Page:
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Pi in the sky

A Google employee has created a new world record for the calculation of pi, using the company's cloud computing service to work out the figure to an astonishing 31 trillion decimal places.

Pi – calculated by dividing a circle's circumference by its diameter – is generally known by its first digits, 3.14, but more accurate versions of the value are needed for use in scientific disciplines including physics, engineering and supercomputing.

The number, which does not follow a recurring pattern, has previously been calculated to 22 trillion digits, but Emma Haruka Iwao's efforts – released today to coincide with Pi Day – far surpass that.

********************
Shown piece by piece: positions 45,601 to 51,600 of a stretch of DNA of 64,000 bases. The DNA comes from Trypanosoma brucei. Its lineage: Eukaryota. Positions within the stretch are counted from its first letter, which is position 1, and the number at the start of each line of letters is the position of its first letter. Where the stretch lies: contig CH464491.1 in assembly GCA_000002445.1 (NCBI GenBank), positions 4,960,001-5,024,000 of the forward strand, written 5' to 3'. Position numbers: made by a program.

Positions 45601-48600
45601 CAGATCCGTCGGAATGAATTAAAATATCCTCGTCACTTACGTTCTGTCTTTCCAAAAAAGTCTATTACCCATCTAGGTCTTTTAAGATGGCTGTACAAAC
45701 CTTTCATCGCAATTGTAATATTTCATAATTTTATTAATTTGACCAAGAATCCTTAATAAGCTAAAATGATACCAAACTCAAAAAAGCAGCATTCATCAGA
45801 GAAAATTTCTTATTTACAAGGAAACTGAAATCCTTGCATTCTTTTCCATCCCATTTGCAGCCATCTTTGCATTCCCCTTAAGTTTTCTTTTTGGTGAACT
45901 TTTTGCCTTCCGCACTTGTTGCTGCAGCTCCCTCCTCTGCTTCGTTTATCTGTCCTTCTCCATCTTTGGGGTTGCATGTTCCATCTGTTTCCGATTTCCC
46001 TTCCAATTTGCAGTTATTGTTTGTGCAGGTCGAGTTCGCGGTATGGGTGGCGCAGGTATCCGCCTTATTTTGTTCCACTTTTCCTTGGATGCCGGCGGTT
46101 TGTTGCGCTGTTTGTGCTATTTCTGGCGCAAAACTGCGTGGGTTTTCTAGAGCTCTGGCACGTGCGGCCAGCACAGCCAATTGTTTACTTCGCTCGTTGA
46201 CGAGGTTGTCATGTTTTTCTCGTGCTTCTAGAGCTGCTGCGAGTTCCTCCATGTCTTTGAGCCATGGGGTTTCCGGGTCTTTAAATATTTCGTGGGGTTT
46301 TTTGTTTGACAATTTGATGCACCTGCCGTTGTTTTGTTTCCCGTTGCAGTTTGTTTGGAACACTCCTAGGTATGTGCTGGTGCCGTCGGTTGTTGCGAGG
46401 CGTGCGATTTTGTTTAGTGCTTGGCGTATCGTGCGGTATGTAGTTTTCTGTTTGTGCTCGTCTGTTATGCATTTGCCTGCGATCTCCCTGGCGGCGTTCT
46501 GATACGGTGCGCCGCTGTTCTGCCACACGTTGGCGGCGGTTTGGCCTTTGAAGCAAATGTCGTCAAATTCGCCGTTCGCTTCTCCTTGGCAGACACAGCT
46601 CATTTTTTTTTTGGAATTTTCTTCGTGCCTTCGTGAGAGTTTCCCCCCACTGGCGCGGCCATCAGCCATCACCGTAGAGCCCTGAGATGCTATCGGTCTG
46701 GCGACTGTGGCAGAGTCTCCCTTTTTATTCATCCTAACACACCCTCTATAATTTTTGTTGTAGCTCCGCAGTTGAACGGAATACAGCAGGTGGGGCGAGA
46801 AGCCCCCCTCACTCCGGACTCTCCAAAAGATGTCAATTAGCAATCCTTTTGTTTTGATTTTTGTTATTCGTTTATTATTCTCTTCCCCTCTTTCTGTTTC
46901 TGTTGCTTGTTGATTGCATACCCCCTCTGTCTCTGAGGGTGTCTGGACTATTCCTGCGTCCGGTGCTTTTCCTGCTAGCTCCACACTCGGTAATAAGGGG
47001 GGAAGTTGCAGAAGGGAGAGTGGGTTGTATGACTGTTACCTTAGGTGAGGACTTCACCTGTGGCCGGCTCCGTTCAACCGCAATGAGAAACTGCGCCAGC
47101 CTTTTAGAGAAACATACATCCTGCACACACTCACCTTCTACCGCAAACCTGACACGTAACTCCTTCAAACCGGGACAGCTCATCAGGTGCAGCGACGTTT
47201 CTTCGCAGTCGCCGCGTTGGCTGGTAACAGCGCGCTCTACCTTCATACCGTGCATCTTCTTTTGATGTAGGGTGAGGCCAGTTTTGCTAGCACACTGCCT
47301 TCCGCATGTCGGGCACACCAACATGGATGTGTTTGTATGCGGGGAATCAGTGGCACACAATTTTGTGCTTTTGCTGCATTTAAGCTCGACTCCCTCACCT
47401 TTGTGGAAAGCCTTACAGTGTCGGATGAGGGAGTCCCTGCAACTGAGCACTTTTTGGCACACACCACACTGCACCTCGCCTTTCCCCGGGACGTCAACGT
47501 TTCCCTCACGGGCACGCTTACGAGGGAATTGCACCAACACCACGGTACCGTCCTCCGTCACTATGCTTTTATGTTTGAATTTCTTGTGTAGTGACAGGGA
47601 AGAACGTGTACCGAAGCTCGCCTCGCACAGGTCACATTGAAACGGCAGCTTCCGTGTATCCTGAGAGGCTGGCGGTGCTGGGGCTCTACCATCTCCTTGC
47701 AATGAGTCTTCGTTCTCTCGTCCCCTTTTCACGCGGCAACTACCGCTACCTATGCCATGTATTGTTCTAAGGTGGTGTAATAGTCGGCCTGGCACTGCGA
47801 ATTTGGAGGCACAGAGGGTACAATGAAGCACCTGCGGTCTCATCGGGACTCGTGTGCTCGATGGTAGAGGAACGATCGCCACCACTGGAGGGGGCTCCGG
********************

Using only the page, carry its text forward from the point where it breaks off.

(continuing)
She said: 'When I was a kid, I didn’t have access to supercomputers. But even if you don’t work for Google, you can apply for various scholarships and programs to access computing resources.'

'I was very fortunate that there were Japanese world record holders that I could relate to. I’m really happy to be one of the few women in computer science holding the record, and I hope I can show more people who want to work in the industry what’s possible.'

For the number-crunchers out there, the project needed 170TB of data – the equivalent of 34 million music tracks – and, according to the BBC, it would take around 332,000 years to recite the number.

As reported in Scientific Computing World last month, Google Cloud Platforms (CGP) is aiming to increase its presence in the world of academic research with two agreements and a range of initiatives in the US and in Europe.



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